First posted 16 November 2009
Although the weather is turning much colder now here in the UK, I really want to get out and do some more night photography. I’ve not done any serious night stuff for a while now and keep seeing shots while I’m driving or at other inconvenient times. I try to make a mental note of the location with the intent of going back with camera and tripod, but you know how it is, it doesn’t always happen. So I’ve decided I’m definitely going out this week.
I prefer cool, slightly misty Autumn nights for shooting. This is because it gets darker earlier, giving me longer to work and the misty air separates the tones as they recede into the distance (known as aerial perspective). This gives a better sense of depth and drama to a scene and suppresses the bright highlights of distant lights.
Autumn also brings a colour change and the orange brown leaves reflect the street lighting better. This year I have missed the best of the Autumn colours as we have had some really windy weather, which has stripped many of the trees bare.
Coming back to night photography after shooting other subjects and styles for a while, I was thinking about approaching it in a different way this time. Previously I had shot mainly on 35mm and medium format. Now I think I would like to shoot on 10×8 using a 300mm 5.6 lens. This would be used at it’s widest aperture to give a very shallow area of focus which I think will accentuate the theatricality of the lighting, making each shot look like a stage set. I’ll post some images when I’ve done them.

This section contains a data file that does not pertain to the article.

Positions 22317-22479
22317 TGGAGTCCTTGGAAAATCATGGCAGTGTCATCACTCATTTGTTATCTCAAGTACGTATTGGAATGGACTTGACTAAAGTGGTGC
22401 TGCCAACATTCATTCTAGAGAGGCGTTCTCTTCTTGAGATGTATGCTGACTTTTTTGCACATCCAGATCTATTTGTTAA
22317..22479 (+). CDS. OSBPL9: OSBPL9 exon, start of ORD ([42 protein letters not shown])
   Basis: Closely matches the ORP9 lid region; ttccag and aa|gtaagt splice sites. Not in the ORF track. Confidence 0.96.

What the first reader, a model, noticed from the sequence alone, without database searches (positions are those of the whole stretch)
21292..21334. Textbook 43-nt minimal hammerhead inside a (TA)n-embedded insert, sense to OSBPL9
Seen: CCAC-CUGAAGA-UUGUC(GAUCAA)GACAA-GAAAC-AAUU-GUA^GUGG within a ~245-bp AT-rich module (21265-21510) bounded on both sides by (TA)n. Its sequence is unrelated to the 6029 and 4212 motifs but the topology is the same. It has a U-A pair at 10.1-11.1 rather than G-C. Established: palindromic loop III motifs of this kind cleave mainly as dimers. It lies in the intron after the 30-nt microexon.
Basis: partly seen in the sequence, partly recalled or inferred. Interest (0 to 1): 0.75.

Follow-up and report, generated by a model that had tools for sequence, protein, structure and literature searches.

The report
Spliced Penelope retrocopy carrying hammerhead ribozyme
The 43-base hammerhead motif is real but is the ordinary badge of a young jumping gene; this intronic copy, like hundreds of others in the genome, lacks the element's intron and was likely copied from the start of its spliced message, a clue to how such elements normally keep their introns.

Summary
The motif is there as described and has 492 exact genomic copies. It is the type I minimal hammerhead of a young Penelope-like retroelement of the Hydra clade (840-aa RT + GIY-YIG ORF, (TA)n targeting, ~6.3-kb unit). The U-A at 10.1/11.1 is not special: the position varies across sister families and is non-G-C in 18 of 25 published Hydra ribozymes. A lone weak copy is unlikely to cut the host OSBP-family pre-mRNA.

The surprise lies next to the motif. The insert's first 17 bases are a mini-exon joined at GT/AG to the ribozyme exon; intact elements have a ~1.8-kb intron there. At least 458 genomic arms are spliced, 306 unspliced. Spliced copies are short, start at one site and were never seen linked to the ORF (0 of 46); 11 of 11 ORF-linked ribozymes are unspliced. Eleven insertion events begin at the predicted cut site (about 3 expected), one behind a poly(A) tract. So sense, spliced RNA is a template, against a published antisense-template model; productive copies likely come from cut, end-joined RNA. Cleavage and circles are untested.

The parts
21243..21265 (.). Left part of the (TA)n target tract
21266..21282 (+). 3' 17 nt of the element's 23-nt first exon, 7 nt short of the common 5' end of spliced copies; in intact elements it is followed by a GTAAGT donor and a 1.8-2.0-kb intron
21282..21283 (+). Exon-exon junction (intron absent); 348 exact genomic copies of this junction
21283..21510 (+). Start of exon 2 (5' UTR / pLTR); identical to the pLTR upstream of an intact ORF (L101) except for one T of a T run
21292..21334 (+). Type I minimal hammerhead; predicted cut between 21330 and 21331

If you are thinking of doing any night photography and the lights where you intend to shoot are the common sodium type, then you might find chart 1 useful. These are the starting point exposures for Ilford HP5 under ordinary sodium lighting (orange lights).
The much brighter high pressure sodium lamps which are seen along motorways and in many city centres are paler in colour and twice as bright.
Use chart number 2 for exposures with such lighting.
As can be seen from the charts, the exposures increase dramatically as you use smaller and smaller apertures, this is down to reciprocity failure. This is a problem with exposures longer than one second, where extra exposure has to be added.
For anyone interested in taking night photography further, I wrote a book on the subject which has now sold out, but you should be able to find used copies on Amazon.